Film Review: The Hunted (1948)

Release Date: April 7th, 1948
Directed by: Jack Bernhard
Written by: Steve Fisher
Music by: Edward J. Kay
Cast: Preston Foster, Belita, Pierre Watkin, Edna Holland

Allied Artists Pictures, 84 Minutes

Review:

“You know something, Johnny? It’s been four years since I’ve been kissed.” – Laura Mead

The Hunted was not a major studio film-noir picture but it was still a pretty engaging story where even if the acting wasn’t the greatest, the characters still lured you in.

While Preston Foster gets top billing here, the most interesting cast member is Belita. For those unaware, she was a talented figure skater from the United Kingdom. She dabbled in acting for a bit and actually was cast in three film-noir pictures during her film career. While she didn’t have the typical Hollywood femme fatale look, she was still stunning in her own way and had more of an athletic build, which worked for her character here, as ice skating was a part of this story.

The film flows pretty quickly and it’s relatively short when compared to bigger budget noir pictures. Most of the B-movie noirs had scant running times, which is actually something I like about them. It allows them to move swiftly, cut out the frills and gives them a bit more grit and realism. This film is exactly what I just described. While the best noirs are like a fine wine, films like this are more like a shot of whiskey.

The Hunted feels dirty and organic when seen next to a film like Laura. With that, Belita feels more real, as well.

The plot follows a cop that discovers that his girlfriend may be involved in a jewelry robbery. He arrests her, even though she claims she was framed. She gets out years later but then gets mixed up in a murder. The detective believes that she may have been involved in the murder but as noir pictures go, he struggles between his own moral code and his dame.

Now the story isn’t all that complex or original but it doesn’t need to be. Noir films were a dime a dozen in the late 1940s and the cream of the crop often times rose to their heights because of atmosphere. This isn’t the cream of the crop but the atmosphere is still effective and elicits emotional investment into the film and its characters. This is no Laura or Double Indemnity but it is a much better movie than most of the Poverty Row studios’ attempts at high octane crime pictures. Plus, this even makes time for a Belita figure skating performance. Although, that does feel a bit out of place.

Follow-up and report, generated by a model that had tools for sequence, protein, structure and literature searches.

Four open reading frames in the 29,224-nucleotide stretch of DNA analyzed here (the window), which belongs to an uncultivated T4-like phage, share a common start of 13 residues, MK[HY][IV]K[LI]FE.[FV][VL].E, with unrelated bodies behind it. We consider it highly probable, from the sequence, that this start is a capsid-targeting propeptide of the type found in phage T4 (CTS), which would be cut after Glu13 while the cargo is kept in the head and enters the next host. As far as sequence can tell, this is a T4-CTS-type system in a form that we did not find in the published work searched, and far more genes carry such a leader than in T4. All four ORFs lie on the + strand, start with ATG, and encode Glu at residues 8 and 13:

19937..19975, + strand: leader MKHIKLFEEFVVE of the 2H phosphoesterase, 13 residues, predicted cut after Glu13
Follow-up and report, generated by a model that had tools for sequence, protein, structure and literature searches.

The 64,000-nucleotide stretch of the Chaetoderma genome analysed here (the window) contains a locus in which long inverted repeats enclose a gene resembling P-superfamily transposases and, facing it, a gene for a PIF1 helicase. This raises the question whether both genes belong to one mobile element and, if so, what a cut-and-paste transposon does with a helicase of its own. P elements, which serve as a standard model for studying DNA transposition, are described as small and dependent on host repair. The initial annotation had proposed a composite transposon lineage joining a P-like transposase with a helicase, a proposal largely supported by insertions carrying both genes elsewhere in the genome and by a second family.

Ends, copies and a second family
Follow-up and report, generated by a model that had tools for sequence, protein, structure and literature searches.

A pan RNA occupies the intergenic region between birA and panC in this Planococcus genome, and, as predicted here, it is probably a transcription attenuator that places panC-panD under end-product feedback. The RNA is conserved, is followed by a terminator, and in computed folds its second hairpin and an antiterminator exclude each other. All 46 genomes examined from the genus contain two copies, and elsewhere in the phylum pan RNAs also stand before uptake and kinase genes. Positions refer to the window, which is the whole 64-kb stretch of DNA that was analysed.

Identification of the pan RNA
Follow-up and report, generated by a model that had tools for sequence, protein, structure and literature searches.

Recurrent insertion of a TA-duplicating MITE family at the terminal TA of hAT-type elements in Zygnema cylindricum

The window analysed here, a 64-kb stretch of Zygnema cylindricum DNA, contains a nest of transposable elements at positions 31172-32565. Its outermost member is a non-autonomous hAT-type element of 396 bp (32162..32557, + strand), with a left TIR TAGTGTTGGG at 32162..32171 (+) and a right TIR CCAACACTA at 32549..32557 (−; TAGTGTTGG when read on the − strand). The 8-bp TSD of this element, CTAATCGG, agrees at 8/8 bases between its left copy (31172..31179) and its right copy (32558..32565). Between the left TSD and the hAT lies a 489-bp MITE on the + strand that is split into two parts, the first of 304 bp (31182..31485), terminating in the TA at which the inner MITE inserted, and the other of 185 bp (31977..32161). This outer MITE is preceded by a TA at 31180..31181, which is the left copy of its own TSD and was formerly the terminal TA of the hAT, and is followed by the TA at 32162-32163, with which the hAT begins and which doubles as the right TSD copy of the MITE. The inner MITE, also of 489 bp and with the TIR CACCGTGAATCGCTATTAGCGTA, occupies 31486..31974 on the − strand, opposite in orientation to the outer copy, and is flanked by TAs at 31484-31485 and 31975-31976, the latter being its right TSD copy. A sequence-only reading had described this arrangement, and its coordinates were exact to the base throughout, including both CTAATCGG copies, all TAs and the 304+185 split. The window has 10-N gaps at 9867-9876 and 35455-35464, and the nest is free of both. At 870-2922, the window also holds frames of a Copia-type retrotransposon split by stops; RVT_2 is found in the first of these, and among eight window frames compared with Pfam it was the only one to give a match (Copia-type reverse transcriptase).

The Hunted is a nice way to kill 84 minutes. It isn’t a great example of film-noir but for fans of the style, it’s certainly worth a look.

Rating: 6.25/10
Pairs well with: the other two film-noir pictures starring figure skater Belita: Suspense and The Gangster.

Film Review: The Gangster (1947)

Also known as: Low Company (reissue title)
Release Date: November 25th, 1947
Directed by: Gordon Wiles
Written by: Daniel Fuchs
Based on: Low Company by Daniel Fuchs
Music by: Louis Gruenberg
Cast: Barry Sullivan, Belita, Joan Lorring, Akim Tamiroff, John Ireland, Sheldon Leonard, Elisha Cook Jr., Charles McGraw, Shelley Winters

King Brothers Productions, Allied Artists Pictures, 84 Minutes

Review:

“Your wife called. What should I tell her?” – Shorty, “Tell her I dropped dead.” – Nick Jammey

The Gangster came out at a time when Hollywood was over gangster pictures. Even though it defied the big studio trends and was also put out by a studio on Poverty Row, it was still a pretty solid success and very much taps into the film-noir style.

What’s most interesting about this film is it’s production value. King Brothers didn’t believe in building expensive or elaborate sets. They also didn’t want to waste money on location shoots. Almost everything was built with light wood and cardboard on the cheap. This gives the film an otherworldly look though. It feels more like a dream sequence or a stage show production with confined sets. It’s sort of magical in this way and even with these frugal tactics, it still looks good.

One thing I like is that there is a high chiaoscuro style in a lot of scenes due to how walls and ceilings were painted. There are multiple shots of a black and white checkered or striped background, which make the actors pop off the screen in the foreground. The use of lighting is fantastic and the high contrast look with heavy shadows protects the look of the set, keeping imperfections in the dark.

For a Poverty Row production, this also has some good acting. Not only that but it has small roles for a lot of notable stars. Shelley Winters, Elisha Cook Jr., John Ireland, Charles McGraw and Akim Tamiroff all show up in some form. There are other familiar faces, as well.

The Gangster is a film that wasn’t on my radar until now, thanks to TCM’s Noir Alley. I was glad to see it and it’s a film that I will have to slide somewhere into my Top 100 Film-Noir list.

Rating: 7.5/10
Pairs well with: DesperateScene of the Crime and White Heat.